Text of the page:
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2 Dollar Books 4 sale
He and I drove down MLK drive on a Saturday in Autumn.
Leaves of colors all sorts of magnificent colors paved the way.
It’s obvious that season is my favorite and it’s no question why.
That statement only really applies to him and I.
Wonderful smells filled the air and weaved back and forth through my long hair.
Great collaboration of the one and only Morrissey,
Played on the radio he filled the seat between you and me.
We circled and circled University square
‘Look I said you can park there’
Now comes the search for quarters, I find plenty of pennies, nickels and dimes, but quarters are always a rarity;
We found just enough for an afternoon to the masters.
The masters of color and precision, and of creating great beauty and preserving images that he or I would have never seen.
We walked past the contemplating man who had been vandalized, and the beauty of his vandal sunk in.
Even broken he was still a masterpiece and that I believe gave us hope.
We saw beautiful Picassos and Van Gough as well as Matisse and Monet.
My eyes lit up in the east wing even though the room of Rodin’s sculptures smelled too much like a hamster’s cage, I just couldn’t ignore it. So many people were trying to be artsy and observant and all I could focus on was the awful smell.
I wanted to enter the featured exhibit,
To see the beautiful work of a true French artist.
However my pocket did not contain the funds for such an event.
I kept running the thought through and through my head,
The picture of a woman lying in her bed,
She represented so many things
Elegance more so and angel with no wings.
Who pictured such a beauty was she real or imagined?
These are questions I asked to him,
Rhetorical of course.
And maybe that’s the true beauty of art.
Perhaps it’s a combination of things,
Actually I’m sure of it.
But the mystery behind each picture is unique to every artist.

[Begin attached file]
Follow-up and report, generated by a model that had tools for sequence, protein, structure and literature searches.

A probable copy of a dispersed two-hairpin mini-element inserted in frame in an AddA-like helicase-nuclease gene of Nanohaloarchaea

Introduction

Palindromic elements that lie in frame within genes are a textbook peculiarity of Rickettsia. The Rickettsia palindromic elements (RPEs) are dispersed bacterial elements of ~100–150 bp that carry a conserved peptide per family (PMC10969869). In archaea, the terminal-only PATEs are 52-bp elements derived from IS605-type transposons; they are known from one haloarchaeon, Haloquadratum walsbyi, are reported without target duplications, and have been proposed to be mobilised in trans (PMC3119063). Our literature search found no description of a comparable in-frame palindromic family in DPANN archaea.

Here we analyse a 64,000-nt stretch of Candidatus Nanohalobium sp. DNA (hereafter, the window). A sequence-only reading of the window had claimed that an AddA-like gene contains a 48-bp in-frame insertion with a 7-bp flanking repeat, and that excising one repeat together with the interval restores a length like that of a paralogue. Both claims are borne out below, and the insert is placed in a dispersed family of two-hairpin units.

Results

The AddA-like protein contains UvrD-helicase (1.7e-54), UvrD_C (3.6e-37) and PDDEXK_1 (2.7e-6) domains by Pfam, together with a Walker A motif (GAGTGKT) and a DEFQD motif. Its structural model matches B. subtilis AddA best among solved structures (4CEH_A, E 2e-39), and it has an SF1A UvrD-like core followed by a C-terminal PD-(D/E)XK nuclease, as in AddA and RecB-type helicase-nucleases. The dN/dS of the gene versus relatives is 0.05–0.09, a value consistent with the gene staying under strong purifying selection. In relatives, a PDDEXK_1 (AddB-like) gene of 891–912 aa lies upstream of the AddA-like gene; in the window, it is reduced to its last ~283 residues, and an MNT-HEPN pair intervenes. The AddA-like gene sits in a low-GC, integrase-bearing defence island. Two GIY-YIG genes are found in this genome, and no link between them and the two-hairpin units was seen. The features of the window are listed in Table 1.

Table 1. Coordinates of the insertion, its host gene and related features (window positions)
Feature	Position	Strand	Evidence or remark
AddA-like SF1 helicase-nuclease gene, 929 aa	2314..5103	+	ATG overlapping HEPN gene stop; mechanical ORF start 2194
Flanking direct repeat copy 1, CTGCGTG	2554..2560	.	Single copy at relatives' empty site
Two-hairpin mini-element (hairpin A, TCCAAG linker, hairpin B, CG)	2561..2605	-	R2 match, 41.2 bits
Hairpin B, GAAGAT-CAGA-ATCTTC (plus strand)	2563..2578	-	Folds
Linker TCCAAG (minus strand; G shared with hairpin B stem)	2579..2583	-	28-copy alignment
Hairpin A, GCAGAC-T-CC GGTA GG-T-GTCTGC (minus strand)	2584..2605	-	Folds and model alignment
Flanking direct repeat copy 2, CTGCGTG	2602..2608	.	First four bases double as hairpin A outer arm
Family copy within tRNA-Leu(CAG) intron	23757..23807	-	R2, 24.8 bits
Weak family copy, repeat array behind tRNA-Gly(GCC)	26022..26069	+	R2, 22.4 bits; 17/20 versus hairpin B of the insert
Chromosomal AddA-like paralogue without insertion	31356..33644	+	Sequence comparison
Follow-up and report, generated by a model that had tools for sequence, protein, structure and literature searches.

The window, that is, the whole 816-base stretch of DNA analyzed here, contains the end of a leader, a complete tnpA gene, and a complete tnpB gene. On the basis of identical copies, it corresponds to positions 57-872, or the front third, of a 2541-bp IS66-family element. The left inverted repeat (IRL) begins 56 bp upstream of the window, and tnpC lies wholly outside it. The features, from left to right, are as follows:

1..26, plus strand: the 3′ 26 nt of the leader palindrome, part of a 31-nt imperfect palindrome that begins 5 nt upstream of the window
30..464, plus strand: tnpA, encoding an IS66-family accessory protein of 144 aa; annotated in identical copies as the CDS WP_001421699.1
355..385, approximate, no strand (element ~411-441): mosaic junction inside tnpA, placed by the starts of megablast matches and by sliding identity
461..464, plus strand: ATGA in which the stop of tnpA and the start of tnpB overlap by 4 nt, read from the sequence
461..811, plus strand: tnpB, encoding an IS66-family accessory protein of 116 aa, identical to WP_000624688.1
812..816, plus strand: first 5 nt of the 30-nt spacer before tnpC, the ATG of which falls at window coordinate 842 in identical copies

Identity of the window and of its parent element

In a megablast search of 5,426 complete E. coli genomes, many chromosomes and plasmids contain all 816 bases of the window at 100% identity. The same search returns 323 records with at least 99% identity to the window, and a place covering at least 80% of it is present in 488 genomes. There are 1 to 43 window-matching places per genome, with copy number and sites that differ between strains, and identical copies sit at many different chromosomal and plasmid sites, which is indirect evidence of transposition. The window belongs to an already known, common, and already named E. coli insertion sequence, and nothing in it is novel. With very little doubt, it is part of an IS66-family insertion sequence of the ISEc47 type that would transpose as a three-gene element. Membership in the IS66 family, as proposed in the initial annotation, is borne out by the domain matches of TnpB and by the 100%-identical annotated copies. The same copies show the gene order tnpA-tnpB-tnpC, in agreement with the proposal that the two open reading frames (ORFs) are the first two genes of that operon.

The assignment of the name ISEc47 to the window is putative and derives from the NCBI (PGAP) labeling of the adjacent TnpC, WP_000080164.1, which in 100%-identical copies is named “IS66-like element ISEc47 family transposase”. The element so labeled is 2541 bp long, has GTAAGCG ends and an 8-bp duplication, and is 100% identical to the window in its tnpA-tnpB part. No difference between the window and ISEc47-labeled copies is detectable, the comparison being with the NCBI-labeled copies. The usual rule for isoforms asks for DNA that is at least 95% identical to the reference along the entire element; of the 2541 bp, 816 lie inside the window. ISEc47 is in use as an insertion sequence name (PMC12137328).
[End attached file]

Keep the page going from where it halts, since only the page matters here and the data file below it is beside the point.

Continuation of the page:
He and I grew tired of walking through such a huge building.
But neither of us wanted to be the one to say it was time to go.
But in one breathe I popped the question and we finally were on our way home
When out of the blue I spotted a sign that read “two dollar book store”
I thought perhaps that it was a play on words or some type of trick.
Like Dollar General when in all actuality things are generally more than a dollar.
Parking was scarce and neither of us knew our way around
He and I parked at a Popeye’s, and walked over a couple streets to check the store out.
Inside we found hundreds and hundreds of books, good books too.
This was no Barnes and Nobles and nothing like Borders.
It was a mass amount of books organized by however this guy thought suitable.
I quickly learned that this store had never been introduced to Dewy decimal.
I didn’t even see anyone in it at first.
I projected ‘hello’ eager to start my exploration of this store of so many things to find.
When the owner introduced himself he was so nice.
He showed us around the poetry section and some of our interested topics.
He told us about how busy he once used to be and how wasn’t anymore.
It made so much sense considering his store along with the Italian grocery store and Popeye’s were the only businesses in a 3 or 4 block radius.
But what I observed was that this was a store that had witnessed Cleveland in it’s prime.
So much like an elder of its area.
I bought way more books than I was ever going to read but I just couldn’t get over how many interesting things that were tucked away in this store.
You know I’ve always loved to thrift and every book I found was a one of a kind and just for me because I found it.
The great thing about going was that I never knew what I was going to get.
I would buy books on various topics poetry, psychology, Language, and UFO’s.
I even once bought the Devil’s Dictionary which is a hilarious read if you ever get the chance.
Chris, the owner became a friend of ours.
He would light up a cigarette and ash in an old thermometer as he told us about different books and ideals.
We had created a routine, stop at the west side market, visit our friend Chris and fill up our book shelves when we got home.
I moved to Seattle and then to Myrtle Beach and back to Avon Lake and a whole summer passed.
I was in the area of the Two Dollar Store and I thought I would stop in for old time sake.
And I noticed the chains on the door.
Chris had gone out of business; I do not know where all of his books went or what he even did with them. But I felt a sense of guilt for abandoning such a great place. You don’t know what you’ve got until it’s gone had never applied more to me.
I knew that only a few people would care about the hole in the wall that had been closed.
Chris, I wish I could tell you how he is but not even I know.
To tell you the truth maybe it’s a good thing he could leave his old shop behind.
He used to talk about traveling the world as he did when he was younger, perhaps he’s doing that.
Maybe in the back of my mind I know he’s not off too well but if there’s no way of knowing I might as well think positive, right?